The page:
| Box Seats
Alumna thought she was sitting pretty at the Chicago Symphony's Orchestra Hall.
by Francesca Huemer Kelly
I arrived on the shores of Lake Michigan in September 1975, a School of Music freshman, ready and willing to be educated. One of the first things I learned was that many of the daytime music faculty would head downtown in the evening for their better-known night job: performing with the illustrious Chicago Symphony Orchestra. And their students, like rock band groupies, would do anything to be in the audience.
But what if a student's budget didn't allow for a season's worth of CSO concerts? Well, the next thing I learned was that there were ways around that. Not terribly ethical ways, but then, this was the 1970s.
One day early in my freshman year, I sat transfixed in Deering Library, listening to recordings or scribbling furiously about Schoenberg's Style and Idea. Clunky earphones clamped on my head, I stared down on an orchestral score while I listened to the CSO play.
"I've got to save some money for a real live CSO performance," I said with a sigh. The older students there glanced wryly at each other, and within a week I was initiated into a tried-and-true method of sneaking into Orchestra Hall and attending a concert free of charge. Here's what you had to do --
1) Lose student garb of army fatigues and hiking boots, and, if female, put on dress -- and bra;
2) Confidently enter Orchestra Hall lobby;
3) Take obscure staff elevator to top floor;
4) Snake up little-used stairway to nosebleed section;
5) Quietly slide into unused seats when the house lights dimmed;
6) Enjoy free concert and triumph over system.
I eased my conscience by telling myself that this was just part of my musical education. Besides, I was poor. Well, OK, relatively poor.
Everything changed, though, the day I went downtown with a trumpet student who had boasted about an even better method. We took the back elevator as usual, but this time we proceeded to the mezzanine level, where the wealthiest patrons had their private boxes.
"Box seats? Are you kidding?" I gasped.
He smiled at my anxiety. "Don't worry; I've done this lots of times. You just hang around looking as if you're the bored relative of some rich old thing and then go into an empty box when the concert starts."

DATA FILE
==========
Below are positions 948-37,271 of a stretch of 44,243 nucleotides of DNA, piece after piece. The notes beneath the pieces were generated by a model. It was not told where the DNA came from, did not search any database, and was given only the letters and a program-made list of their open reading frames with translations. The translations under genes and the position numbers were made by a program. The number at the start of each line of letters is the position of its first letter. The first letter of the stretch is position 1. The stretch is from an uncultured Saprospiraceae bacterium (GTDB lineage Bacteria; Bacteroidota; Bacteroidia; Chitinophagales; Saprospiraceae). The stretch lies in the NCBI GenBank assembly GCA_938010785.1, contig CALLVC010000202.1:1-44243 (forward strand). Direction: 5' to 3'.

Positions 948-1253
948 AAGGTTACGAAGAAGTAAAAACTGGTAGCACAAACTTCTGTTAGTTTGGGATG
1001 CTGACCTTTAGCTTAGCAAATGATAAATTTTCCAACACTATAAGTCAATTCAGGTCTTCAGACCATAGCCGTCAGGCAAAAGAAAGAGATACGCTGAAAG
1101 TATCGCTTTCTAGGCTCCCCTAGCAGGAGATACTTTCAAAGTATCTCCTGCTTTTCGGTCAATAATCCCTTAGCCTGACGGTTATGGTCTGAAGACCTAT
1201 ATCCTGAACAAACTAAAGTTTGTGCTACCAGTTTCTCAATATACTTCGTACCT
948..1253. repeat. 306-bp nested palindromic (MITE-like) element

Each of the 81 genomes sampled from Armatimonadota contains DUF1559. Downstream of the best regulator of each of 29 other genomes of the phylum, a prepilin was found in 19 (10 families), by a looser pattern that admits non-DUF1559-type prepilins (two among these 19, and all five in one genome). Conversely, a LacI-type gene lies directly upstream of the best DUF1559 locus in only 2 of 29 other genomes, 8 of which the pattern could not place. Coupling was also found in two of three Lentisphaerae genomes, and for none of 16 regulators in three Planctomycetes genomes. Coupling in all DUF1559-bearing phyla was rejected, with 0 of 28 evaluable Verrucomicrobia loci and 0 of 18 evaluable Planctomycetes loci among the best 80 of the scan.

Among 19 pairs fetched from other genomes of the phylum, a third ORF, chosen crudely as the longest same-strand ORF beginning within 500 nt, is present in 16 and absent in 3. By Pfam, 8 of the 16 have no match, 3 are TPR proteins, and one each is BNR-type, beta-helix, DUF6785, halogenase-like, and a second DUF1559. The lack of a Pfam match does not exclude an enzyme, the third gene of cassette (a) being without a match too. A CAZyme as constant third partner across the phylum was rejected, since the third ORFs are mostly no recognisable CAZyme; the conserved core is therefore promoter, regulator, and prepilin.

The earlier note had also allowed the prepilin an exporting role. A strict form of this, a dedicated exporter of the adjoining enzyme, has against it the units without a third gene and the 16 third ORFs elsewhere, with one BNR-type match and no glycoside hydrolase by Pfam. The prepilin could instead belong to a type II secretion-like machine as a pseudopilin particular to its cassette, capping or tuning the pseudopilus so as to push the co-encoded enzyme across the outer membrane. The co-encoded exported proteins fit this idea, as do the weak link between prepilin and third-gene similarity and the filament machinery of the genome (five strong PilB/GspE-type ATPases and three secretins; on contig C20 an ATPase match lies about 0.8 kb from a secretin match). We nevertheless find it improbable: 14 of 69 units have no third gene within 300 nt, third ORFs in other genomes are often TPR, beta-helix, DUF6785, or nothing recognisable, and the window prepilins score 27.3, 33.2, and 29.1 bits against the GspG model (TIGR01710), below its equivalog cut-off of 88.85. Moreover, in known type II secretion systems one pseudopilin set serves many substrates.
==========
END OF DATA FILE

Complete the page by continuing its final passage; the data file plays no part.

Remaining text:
When I looked dubious, he said, "It's the truth. There is always at least one empty box. What a tragedy." He gave me a wink.
Sure enough, many of the boxes weren't filled when the final gong sounded. My friend chose the best box in the house, and it suddenly seemed wrong not to sit down in the front row. Coupled with the fear of discovery was something else: a pulsing adrenaline rush and the thrill that we might actually get away with this.
The house lights dimmed. Maestro Georg Solti raised his baton and the orchestra launched into the first bars of the Rob Roy Overture by Hector Berlioz. This was better than any drug, more exciting than any frat party. I looked at my new friend gratefully. He gave me an "I-told-you-so" smile in return.
Halfway through the overture we heard the box door open behind us. My date and I stiffened. The occupants seated themselves in the two chairs directly behind us. Nothing was said; no one tapped us or even whispered. We simply sat there, unable to turn around, while we listened to the longest Rob Roy Overture in the history of Western music.
When the overture was finished, we jumped to our feet, nearly knocking our chairs over and turned to face two elderly women. "Why are you in our box?" one of them icily demanded.
My face flushed. I tried to stutter an apology. But my ever-smooth companion smiled, looked her right in the eye, and answered, "Because the seats are good."
With that, he took my arm and steered me around those ornate chairs and out of Orchestra Hall. We rode the el home in silence.
It's been years now since I happily started paying the legitimate ticket price for a seat to the symphony, and I've sat in concert halls from New York to St. Petersburg. But, strangely enough, my friend turned out to be right: Those were good seats, perhaps the best I've ever had.
Francesca Huemer Kelly (Mu79) lives in Rome, where she works as a freelance writer and editor in chief of the online magazine Tales from a Small Planet (www.talesmag.com).